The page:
EFFLORESCENCE IS A NATURAL PHENOMENON
Commonly found in most concrete-based or cementitious products. Efflorescence is the white deposit/ discoloration caused by crystalline deposits of salts on concrete surfaces.
These deposits often contain compounds such as calcium, sodium and potassium hydroxides or carbonates, bicarbonates, chlorides, and sulfates of calcium and magnesium. These substances typically originate as soluble compounds within the concrete that are transported and deposited on the surface by upward moisture migration and evaporation. Sometimes, they originate in the underlying soil where they are carried by moisture upward through the concrete and deposited on the surface.
Water is the solvent and vehicle for transporting the soluble salts to the surface. While not harmful, it is unsightly, especially on integral-coloured concrete. Efflorescence can form a thick layer on the surface, which can completely hide the concrete’s colour or create unsightly white patches.
HOW TO REMOVE EFFLORESCENCE
Efflorescence is generally washed off by the rain after 1-2 years. Commercial products are available to anyone not wanting to wait that long. One advantage here is that the lime in the upper layers of the concrete is also removed in the process. However, the surface may become rougher and the shade may change slightly.
For your project, you will need a mild or diluted acidic solution that is stronger than vinegar water. For gray concrete, the following solutions are recommended:
One part hydrochloric acid (muriatic) in 10 to 20 parts water (10 percent to 5 percent concentration) OR one part phosphoric acid in 10 parts water. However, more diluted solutions are recommended for integral-coloured concrete pavers to avoid surface etching that may reveal aggregates and change the color and texture of the surface. Start with one part hydrochloric acid in 50 or 100 parts of water (2 percent to 1 percent concentration) and increase the concentration as needed.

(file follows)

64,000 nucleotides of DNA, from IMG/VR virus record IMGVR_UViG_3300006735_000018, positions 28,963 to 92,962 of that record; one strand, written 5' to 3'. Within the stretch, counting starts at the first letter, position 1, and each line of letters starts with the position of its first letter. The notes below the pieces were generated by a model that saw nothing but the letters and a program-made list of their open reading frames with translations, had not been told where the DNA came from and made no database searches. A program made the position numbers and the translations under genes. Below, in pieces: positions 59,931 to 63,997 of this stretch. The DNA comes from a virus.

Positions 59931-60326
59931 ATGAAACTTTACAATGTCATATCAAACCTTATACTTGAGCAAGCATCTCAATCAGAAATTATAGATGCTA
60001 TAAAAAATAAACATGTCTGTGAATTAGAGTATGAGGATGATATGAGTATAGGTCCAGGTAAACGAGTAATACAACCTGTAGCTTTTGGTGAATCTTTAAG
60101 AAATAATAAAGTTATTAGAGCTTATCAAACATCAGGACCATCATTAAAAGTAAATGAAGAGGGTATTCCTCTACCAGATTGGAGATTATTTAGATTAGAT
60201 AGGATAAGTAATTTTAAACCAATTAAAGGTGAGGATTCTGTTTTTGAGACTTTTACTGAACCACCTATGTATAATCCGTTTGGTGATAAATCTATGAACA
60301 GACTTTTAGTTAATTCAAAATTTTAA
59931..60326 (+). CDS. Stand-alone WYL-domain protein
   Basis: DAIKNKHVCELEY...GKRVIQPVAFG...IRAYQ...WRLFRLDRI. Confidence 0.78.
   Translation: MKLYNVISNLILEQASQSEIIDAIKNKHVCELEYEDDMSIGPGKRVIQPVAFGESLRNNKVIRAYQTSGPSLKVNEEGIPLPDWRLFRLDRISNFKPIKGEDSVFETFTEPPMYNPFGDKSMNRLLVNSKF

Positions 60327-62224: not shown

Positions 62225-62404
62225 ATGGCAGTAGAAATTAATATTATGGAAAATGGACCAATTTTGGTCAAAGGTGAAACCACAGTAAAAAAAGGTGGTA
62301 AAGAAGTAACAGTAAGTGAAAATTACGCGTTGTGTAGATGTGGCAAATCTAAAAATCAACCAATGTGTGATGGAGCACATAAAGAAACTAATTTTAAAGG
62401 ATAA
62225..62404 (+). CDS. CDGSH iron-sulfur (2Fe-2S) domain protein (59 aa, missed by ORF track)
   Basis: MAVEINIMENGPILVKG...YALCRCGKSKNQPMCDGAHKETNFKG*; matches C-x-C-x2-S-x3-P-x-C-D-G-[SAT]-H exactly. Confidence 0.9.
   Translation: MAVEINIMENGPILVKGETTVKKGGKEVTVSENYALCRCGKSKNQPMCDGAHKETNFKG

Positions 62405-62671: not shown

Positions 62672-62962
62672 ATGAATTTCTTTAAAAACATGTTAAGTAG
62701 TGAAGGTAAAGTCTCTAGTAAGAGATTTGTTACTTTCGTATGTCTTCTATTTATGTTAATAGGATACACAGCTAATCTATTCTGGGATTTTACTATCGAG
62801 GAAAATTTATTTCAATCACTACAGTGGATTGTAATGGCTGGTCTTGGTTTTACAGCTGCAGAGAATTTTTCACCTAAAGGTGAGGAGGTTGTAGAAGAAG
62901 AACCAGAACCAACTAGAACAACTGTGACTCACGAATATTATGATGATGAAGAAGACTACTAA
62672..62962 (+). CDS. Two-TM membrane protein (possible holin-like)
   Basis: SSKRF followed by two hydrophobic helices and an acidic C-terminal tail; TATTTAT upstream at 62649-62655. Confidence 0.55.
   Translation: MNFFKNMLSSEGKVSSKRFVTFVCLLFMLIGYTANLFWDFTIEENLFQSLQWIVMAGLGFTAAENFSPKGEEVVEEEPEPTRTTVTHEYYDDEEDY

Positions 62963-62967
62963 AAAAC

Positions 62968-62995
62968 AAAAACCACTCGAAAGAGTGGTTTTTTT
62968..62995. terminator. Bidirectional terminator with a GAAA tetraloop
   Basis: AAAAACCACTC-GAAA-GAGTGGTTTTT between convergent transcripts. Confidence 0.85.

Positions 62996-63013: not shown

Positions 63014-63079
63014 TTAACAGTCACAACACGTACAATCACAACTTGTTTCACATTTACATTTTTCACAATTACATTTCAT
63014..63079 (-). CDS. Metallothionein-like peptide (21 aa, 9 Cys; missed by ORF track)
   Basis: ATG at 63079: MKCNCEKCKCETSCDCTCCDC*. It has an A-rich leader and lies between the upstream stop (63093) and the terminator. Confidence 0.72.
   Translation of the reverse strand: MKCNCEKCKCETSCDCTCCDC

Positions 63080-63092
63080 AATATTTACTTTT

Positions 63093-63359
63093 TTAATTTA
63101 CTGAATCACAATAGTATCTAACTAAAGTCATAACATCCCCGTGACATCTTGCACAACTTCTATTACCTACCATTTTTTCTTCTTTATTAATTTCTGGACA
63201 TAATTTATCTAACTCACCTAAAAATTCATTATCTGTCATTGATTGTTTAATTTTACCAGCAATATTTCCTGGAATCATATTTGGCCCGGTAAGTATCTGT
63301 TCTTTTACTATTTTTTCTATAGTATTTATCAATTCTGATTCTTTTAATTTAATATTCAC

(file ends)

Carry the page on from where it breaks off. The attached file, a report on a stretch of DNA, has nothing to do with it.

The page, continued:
Before using the acidic solution, flood the surface with clean water to prevent the acid from being absorbed into the concrete pavement. Allow the acidic solution to set for three to five minutes before scouring off the efflorescence with a stiff brush. Immediately and thoroughly flush the surface with clean water to remove all acid. Apply the solution uniformly in terms of concentration, amount, and duration. Protect surfaces that can be damaged by acid and treat the entire slab to achieve a uniform colour and texture.
Always perform a trial treatment on an inconspicuous area to check for adverse effects and to perfect the technique.
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